A Chesterfield spokeswoman said the Economic Development Authority plans to pay Thake $6,500 for his work. Thake, who said he has more than 40 years of experience in the racing industry in a variety of roles, is president of Arizona-based Motorsports Consulting Services.

Casey said county staff is interested in creating a request for qualifications for the Southside Speedway site to see what kind of interest there is in redevelopment, which could include racing.

“We think the next logical step will be to issue a formal request for qualifications that will hopefully enable many potential partners to rise up, including some with racetrack proposals,” Casey said.

Last week, Chesterfield revealed that conversations had ended between county officials and an unidentified party who pitched a redevelopment plan for the track property that would have reintroduced racing. Those discussions ceased after it was determined the developer’s idea wasn’t feasible. Casey said Wednesday that the developer could potentially return with a new proposal.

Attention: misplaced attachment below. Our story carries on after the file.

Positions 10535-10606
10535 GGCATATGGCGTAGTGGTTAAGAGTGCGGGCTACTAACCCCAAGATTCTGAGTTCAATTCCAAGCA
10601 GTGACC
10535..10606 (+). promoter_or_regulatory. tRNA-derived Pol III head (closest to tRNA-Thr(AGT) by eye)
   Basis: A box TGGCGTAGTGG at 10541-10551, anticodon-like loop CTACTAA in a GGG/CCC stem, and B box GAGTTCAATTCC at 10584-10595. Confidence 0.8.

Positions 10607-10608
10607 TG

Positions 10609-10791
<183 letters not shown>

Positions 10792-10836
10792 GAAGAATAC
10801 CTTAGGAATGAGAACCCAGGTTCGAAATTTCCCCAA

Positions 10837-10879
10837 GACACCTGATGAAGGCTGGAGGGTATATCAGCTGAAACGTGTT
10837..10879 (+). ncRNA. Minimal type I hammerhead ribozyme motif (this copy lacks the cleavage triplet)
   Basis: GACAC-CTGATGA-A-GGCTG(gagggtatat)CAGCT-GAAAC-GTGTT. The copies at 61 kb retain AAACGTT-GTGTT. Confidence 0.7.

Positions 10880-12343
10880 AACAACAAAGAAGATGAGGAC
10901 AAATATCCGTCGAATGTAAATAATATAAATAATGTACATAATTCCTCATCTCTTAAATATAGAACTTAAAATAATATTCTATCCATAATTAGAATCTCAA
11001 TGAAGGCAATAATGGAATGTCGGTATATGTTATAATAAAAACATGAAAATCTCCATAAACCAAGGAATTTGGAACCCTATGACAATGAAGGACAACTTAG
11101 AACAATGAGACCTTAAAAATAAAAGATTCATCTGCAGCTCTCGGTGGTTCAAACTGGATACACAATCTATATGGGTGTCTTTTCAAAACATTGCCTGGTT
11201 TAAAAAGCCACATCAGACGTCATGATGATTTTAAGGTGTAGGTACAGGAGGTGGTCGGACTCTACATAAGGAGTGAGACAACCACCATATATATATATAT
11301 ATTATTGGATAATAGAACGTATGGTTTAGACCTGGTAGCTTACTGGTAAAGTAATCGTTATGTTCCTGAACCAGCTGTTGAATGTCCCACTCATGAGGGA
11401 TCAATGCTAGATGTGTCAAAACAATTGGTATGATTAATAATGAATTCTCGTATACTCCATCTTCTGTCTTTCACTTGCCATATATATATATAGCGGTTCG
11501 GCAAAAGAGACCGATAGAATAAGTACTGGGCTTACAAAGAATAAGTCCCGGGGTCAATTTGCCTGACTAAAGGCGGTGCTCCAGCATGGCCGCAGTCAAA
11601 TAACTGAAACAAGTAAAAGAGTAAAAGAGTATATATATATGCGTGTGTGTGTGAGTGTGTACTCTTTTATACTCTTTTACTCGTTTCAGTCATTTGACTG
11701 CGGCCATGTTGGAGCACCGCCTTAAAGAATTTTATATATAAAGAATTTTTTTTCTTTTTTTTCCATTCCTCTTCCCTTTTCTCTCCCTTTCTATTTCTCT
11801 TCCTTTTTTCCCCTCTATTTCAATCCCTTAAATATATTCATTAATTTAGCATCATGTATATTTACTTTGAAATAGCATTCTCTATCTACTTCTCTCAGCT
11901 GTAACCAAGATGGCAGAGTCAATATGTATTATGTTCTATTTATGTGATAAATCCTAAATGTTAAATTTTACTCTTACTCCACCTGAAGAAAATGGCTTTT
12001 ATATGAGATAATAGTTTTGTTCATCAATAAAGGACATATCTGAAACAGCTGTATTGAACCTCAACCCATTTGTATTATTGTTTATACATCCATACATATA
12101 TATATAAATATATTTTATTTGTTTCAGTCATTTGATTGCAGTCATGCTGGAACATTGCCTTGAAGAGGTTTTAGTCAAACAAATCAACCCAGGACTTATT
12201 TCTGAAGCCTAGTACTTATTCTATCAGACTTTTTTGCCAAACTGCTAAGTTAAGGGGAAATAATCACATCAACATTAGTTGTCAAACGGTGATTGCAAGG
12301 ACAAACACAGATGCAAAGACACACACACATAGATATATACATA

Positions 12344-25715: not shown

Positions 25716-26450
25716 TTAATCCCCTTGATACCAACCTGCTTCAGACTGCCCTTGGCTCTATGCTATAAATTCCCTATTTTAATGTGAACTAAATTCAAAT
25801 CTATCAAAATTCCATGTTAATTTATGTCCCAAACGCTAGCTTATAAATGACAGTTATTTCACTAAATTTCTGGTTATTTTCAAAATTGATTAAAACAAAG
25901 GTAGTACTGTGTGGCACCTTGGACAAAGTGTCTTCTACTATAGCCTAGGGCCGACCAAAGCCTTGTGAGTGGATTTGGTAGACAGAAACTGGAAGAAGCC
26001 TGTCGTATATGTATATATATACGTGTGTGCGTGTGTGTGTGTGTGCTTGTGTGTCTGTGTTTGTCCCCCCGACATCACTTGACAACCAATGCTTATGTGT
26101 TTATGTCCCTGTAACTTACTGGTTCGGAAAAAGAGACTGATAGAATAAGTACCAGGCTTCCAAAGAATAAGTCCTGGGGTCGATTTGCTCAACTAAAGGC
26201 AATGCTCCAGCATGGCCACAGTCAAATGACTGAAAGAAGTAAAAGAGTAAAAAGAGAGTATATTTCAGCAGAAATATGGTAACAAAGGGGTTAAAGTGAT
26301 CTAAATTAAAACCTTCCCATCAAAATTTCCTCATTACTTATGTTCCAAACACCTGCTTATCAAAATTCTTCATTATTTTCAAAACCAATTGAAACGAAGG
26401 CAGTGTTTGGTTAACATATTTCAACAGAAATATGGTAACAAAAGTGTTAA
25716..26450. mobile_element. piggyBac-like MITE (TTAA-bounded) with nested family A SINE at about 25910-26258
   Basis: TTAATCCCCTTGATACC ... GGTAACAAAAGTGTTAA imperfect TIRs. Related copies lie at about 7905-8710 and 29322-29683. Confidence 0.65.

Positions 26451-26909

“We have tried to position the county for partners willing to invest in a racetrack. The unsolicited proposal we received a few months ago which included a racetrack has been brought to closure with the mutual recognition of high capital costs amid rising financing costs and even supply chain challenges,” Casey said.

Supervisor Kevin Carroll voiced his hope the track could be reopened, noting that a deep dive study hasn’t yet been completed.

“It’s not lost on me that the track is in poor condition right now. But one of the things we’ve heard from many people in the community and certainly from people who used to race there is that it’s the toughest short track in NASCAR. The reason it was tough was the type of surface that it was. It was not a beautiful smooth surface. I think, without actually doing the testing or without going down to see what the surface is underneath, it’s hard to say it couldn’t be restored with a new surface to what it was before,” Carroll said. “Hopefully, we’ll have people from the community come forward with a proposal that will work.”

Land-use plan for Southside Speedway and surrounding areas approved

The Genito/288 Special Focus Area Plan was approved by the Board of Supervisors on Wednesday. (Image courtesy of Chesterfield County)

Thake’s review of the track comes as Chesterfield ponders the future of the Southside Speedway property and the nearby area around River City Sportsplex. That process took a step forward Wednesday, as the board voted to adopt the Genito/288 Special Focus Area Plan.